The SWOT and PEST analyses are two simple yet efficient extra techniques. The SWOT analysis is a four-part assessment of an environment based on internal (strengths and weaknesses) and external (opportunities and threats) variables that can provide a high-level overview of a product or market segment. Not only should you be aware of your competitors' strengths and weaknesses, but you should also be aware of the weaknesses of their strength. This manner, you'll be able to spot a "junction" (i.e., a gap) where you can launch an attack.

PEST is similar to SWOT, except that the four sectors are Political, Economic, Social, and Technological influences that effect company.

These three marketing tools (Five Force Model, SWOT and PEST Analysis) are simple but effective techniques that can be used to document and analyze all the 'forces' affecting the company, proving it a solid foundation for a more objective and quantitative analysis.

Consumer Analysis

Consumer analysis is the process of obtaining information about the consumer from market research, such as the consumer's wants, the target market, and relevant demographics, in order to use this knowledge in market segmentation for subsequent market research steps. Below are a few steps you can start with to plan your customer analysis.

Structuring your existing customer database.

Your existing customer database is the greatest place to start. The first step is to segment your customer database into groups based on shared features. The process of dividing data into segments is known as segmentation. You'll be able to distinguish between customers and focus your marketing efforts on specific groups if you segment your customers. Customers are usually divided into the following groups:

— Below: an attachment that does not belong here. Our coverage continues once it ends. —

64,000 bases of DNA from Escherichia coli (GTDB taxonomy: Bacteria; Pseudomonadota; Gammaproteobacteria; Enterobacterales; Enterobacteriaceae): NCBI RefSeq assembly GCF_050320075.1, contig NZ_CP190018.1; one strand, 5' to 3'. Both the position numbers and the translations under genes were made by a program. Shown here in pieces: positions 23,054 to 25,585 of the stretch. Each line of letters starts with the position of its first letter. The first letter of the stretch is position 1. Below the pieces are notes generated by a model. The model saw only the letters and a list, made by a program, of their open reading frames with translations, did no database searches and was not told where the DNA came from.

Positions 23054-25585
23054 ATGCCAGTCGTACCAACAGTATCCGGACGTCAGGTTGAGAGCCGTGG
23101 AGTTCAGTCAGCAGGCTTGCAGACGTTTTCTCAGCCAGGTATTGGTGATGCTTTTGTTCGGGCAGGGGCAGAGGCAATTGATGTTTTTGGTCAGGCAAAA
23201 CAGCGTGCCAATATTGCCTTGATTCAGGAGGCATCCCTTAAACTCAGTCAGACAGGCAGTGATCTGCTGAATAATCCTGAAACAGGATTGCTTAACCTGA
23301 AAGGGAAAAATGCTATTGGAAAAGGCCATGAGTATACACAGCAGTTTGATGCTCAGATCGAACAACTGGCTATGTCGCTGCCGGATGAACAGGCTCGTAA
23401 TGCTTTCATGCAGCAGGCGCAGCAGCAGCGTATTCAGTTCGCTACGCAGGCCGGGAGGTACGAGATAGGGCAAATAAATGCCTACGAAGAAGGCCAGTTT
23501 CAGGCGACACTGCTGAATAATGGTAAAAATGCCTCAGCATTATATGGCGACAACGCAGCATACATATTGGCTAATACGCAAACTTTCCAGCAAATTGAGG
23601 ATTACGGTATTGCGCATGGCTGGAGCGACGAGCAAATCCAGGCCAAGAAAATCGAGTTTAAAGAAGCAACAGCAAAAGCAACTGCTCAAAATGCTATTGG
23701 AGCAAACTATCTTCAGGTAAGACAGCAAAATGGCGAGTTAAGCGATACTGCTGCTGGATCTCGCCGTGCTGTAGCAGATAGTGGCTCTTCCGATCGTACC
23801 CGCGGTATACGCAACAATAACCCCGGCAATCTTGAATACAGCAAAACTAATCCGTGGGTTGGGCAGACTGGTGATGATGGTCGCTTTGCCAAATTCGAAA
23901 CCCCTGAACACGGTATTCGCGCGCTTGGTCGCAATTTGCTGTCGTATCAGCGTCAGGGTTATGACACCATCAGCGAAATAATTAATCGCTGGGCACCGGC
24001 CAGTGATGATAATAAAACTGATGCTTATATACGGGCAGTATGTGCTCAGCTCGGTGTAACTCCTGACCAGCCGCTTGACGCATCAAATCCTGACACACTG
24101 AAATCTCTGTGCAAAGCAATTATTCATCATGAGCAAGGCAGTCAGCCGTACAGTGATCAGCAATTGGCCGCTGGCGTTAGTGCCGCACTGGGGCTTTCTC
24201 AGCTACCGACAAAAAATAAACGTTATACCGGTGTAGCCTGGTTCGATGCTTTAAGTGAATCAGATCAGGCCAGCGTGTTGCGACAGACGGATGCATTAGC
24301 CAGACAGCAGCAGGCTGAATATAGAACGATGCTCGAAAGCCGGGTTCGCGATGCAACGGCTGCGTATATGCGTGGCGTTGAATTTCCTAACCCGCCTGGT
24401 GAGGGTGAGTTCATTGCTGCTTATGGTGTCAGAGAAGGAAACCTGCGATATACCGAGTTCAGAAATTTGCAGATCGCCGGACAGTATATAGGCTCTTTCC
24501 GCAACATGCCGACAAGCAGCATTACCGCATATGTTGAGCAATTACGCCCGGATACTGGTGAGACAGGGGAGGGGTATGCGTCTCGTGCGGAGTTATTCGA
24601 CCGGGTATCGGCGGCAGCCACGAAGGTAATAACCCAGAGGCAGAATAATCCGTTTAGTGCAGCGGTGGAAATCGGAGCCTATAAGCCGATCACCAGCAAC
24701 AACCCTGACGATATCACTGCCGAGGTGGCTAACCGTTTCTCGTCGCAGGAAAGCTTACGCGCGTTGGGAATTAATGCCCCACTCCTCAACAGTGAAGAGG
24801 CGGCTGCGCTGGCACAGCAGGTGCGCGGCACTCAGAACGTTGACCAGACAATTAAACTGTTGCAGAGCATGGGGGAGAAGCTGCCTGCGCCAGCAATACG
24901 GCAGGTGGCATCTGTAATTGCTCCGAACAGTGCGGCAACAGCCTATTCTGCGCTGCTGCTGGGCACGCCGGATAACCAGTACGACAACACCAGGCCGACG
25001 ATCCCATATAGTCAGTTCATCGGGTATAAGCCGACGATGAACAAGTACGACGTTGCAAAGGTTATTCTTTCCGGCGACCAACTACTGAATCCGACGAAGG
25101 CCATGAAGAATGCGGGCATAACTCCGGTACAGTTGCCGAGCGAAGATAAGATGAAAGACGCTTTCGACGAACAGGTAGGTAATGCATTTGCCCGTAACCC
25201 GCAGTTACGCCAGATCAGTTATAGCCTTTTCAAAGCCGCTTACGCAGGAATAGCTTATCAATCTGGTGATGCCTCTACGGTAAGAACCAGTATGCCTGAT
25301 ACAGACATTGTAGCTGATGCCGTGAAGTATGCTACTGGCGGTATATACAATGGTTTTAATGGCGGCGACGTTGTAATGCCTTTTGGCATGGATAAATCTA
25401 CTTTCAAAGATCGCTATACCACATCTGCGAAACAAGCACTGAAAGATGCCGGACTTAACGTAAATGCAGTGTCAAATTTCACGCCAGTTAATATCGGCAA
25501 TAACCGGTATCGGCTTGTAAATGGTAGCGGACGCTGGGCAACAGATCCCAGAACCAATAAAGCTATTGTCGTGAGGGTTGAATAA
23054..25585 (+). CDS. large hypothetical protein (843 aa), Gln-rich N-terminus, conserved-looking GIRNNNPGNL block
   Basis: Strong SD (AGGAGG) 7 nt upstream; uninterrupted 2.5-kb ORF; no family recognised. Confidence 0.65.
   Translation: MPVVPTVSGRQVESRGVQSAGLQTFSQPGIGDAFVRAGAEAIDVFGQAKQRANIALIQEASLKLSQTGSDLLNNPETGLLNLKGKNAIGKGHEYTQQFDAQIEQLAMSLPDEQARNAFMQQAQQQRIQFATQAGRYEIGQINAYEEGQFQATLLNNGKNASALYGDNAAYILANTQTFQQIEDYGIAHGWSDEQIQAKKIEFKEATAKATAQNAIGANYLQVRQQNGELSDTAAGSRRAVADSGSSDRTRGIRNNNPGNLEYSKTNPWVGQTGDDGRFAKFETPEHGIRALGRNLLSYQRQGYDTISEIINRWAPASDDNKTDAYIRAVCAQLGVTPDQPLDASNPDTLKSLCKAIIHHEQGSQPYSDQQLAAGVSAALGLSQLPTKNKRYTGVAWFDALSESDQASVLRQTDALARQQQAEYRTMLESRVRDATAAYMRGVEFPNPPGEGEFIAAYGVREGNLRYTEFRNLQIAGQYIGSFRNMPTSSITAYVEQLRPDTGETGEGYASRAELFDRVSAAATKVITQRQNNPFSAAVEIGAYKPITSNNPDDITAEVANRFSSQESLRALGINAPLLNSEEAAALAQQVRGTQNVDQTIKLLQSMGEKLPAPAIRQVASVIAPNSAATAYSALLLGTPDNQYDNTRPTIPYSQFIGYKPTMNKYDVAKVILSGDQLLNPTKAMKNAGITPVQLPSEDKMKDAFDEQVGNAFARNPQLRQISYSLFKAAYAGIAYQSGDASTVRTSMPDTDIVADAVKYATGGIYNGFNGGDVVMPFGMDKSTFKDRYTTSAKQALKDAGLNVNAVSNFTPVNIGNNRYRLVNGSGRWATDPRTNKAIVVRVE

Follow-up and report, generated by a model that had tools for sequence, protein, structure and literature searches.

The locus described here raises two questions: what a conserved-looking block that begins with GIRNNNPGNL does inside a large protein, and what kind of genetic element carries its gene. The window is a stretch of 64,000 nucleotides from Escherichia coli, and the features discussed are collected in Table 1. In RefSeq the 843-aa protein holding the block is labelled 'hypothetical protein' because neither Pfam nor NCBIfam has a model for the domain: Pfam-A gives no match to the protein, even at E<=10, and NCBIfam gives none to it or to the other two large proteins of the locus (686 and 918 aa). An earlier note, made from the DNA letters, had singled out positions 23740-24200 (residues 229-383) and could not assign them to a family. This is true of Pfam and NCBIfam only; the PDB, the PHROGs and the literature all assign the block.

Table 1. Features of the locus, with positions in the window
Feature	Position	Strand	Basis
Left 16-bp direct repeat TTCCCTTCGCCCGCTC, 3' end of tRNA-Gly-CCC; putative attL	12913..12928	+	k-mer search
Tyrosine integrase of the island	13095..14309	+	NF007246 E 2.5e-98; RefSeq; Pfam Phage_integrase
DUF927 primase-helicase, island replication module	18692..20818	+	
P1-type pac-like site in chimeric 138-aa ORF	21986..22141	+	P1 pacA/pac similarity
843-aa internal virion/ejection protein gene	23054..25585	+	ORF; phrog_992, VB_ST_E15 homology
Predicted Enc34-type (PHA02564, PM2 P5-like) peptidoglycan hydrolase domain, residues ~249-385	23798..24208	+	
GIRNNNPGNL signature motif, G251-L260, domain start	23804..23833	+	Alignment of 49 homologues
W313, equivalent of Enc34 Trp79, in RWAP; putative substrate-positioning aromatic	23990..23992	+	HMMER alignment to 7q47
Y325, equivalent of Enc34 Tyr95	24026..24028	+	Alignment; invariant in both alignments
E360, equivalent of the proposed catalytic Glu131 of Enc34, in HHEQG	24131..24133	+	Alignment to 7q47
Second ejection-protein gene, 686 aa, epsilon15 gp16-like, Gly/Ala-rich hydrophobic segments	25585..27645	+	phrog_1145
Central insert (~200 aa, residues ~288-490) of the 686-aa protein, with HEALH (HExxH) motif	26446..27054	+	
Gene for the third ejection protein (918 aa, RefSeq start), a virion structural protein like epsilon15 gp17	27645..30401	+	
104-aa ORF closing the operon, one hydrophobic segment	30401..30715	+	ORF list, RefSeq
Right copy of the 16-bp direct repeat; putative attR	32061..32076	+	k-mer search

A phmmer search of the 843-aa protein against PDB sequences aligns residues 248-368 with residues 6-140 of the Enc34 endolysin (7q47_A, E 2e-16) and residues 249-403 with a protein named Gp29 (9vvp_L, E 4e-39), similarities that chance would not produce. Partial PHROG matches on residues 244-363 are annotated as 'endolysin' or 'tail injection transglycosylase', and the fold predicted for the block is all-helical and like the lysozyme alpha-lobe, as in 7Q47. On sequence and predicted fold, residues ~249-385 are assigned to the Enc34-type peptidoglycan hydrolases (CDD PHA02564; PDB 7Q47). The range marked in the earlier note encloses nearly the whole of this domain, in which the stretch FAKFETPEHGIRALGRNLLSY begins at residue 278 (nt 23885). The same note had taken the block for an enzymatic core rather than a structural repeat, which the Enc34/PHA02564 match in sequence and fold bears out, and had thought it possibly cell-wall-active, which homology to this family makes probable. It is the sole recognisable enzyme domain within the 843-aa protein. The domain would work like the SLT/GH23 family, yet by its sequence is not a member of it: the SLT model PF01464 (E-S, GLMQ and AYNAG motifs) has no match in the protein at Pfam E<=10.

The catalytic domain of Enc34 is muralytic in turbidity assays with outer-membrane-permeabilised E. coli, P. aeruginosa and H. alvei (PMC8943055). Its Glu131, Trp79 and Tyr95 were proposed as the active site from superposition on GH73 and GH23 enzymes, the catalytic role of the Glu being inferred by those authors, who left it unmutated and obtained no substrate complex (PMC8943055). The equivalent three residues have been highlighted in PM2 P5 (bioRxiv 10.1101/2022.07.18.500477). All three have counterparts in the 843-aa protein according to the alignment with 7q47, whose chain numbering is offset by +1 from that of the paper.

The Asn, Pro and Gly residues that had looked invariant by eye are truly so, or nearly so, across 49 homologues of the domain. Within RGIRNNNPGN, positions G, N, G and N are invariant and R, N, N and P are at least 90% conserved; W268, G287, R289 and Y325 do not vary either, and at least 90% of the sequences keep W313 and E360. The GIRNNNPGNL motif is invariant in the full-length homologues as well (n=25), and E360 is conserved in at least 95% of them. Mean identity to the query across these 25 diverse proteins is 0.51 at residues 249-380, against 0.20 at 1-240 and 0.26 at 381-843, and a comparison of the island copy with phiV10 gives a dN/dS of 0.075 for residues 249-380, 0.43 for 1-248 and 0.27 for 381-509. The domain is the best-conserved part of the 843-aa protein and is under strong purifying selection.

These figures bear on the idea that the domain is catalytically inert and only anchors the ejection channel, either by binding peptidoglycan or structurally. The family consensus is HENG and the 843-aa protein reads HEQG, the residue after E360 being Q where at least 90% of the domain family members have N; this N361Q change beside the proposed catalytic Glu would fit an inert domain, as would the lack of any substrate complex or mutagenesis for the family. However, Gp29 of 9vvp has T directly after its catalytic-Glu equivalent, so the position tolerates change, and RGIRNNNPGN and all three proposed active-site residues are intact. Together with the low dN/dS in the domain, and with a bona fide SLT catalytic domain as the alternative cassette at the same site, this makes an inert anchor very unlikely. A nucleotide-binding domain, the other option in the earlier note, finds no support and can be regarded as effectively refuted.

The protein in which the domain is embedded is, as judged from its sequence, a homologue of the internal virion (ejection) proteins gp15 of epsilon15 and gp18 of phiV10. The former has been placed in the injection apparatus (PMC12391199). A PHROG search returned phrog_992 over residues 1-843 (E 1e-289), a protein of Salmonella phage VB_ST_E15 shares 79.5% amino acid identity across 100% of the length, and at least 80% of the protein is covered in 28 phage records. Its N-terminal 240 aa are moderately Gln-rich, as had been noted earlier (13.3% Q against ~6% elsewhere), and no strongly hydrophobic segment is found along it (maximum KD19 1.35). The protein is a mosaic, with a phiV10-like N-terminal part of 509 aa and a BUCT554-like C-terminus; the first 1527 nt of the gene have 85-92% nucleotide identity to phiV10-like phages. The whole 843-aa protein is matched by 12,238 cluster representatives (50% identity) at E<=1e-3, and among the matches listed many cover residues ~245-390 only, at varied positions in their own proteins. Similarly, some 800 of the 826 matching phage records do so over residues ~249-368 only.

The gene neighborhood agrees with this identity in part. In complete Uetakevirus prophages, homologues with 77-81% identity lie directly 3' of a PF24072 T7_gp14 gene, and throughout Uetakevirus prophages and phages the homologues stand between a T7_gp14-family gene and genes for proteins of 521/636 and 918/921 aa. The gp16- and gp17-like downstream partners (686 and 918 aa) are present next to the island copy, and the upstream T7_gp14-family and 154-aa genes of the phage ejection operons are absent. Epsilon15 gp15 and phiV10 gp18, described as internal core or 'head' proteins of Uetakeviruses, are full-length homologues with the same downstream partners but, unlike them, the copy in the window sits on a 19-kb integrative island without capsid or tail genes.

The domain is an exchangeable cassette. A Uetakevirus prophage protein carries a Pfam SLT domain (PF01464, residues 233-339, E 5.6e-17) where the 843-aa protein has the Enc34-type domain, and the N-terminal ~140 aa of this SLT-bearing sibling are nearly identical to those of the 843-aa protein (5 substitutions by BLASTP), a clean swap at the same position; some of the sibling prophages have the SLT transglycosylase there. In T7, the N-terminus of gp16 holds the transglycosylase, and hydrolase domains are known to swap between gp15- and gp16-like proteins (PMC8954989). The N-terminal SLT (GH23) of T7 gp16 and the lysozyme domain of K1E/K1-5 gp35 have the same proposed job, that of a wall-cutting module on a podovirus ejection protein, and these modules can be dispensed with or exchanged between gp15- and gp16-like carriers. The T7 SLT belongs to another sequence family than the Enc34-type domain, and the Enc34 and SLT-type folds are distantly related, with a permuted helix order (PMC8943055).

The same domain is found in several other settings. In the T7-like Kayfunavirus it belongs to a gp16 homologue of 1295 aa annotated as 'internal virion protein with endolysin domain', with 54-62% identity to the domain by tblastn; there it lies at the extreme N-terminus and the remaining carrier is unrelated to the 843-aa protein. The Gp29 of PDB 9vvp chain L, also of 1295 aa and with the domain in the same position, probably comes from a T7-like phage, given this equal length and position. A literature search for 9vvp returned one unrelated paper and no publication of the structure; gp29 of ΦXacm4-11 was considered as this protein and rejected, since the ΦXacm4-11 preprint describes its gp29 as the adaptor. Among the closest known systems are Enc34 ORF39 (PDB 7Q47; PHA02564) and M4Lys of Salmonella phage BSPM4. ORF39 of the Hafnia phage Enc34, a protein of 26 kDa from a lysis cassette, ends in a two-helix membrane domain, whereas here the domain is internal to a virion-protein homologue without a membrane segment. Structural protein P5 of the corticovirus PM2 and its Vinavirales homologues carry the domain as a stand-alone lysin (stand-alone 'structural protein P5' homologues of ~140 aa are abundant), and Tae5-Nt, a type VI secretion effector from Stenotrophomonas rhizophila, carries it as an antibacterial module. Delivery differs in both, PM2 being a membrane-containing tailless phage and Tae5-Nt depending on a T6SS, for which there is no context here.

• Demographic (age, gender, income)
  • Geographic (location)
  • Psychographic (values, beliefs, interests, personality)
  • Technographic (device/platform your customer is using)
  • Behavioral (habits, frequent actions)
  • Needs-based (what you customer needs)

And if you are marketing to a business, you should include your customer's

  • Industry
  • Business Size

Identifying Your Target Consumers

In most companies' customer bases, the Pareto Principle holds true: 80% of business comes from 20% of customers. Before going on to the remaining 80% of customers, it makes sense to obtain a clear picture of them first. By analyzing key customer indicators and looking for patterns in your information, you may find your most valued customers.

Metrics you can use to measure retention:

  • Customer Lifetime Value (CLV). A metric for calculating the average customer's revenue over the course of their association with a company. The formula for CLV is CLV = Average Transaction Size x Number of Transactions x Retention Period.
  • Customer Retention Rate (CRR). Customer Retention Rate is the number of customer a company keeps over time. CRR is calculated with this formula: [(E-N)/S] x100. Start with the number of customer at the end of the time period (E) subtract the number of new customer gain within the time period (N) divided the result by the number of customer at the beginning of the time period (S) multiply by 100.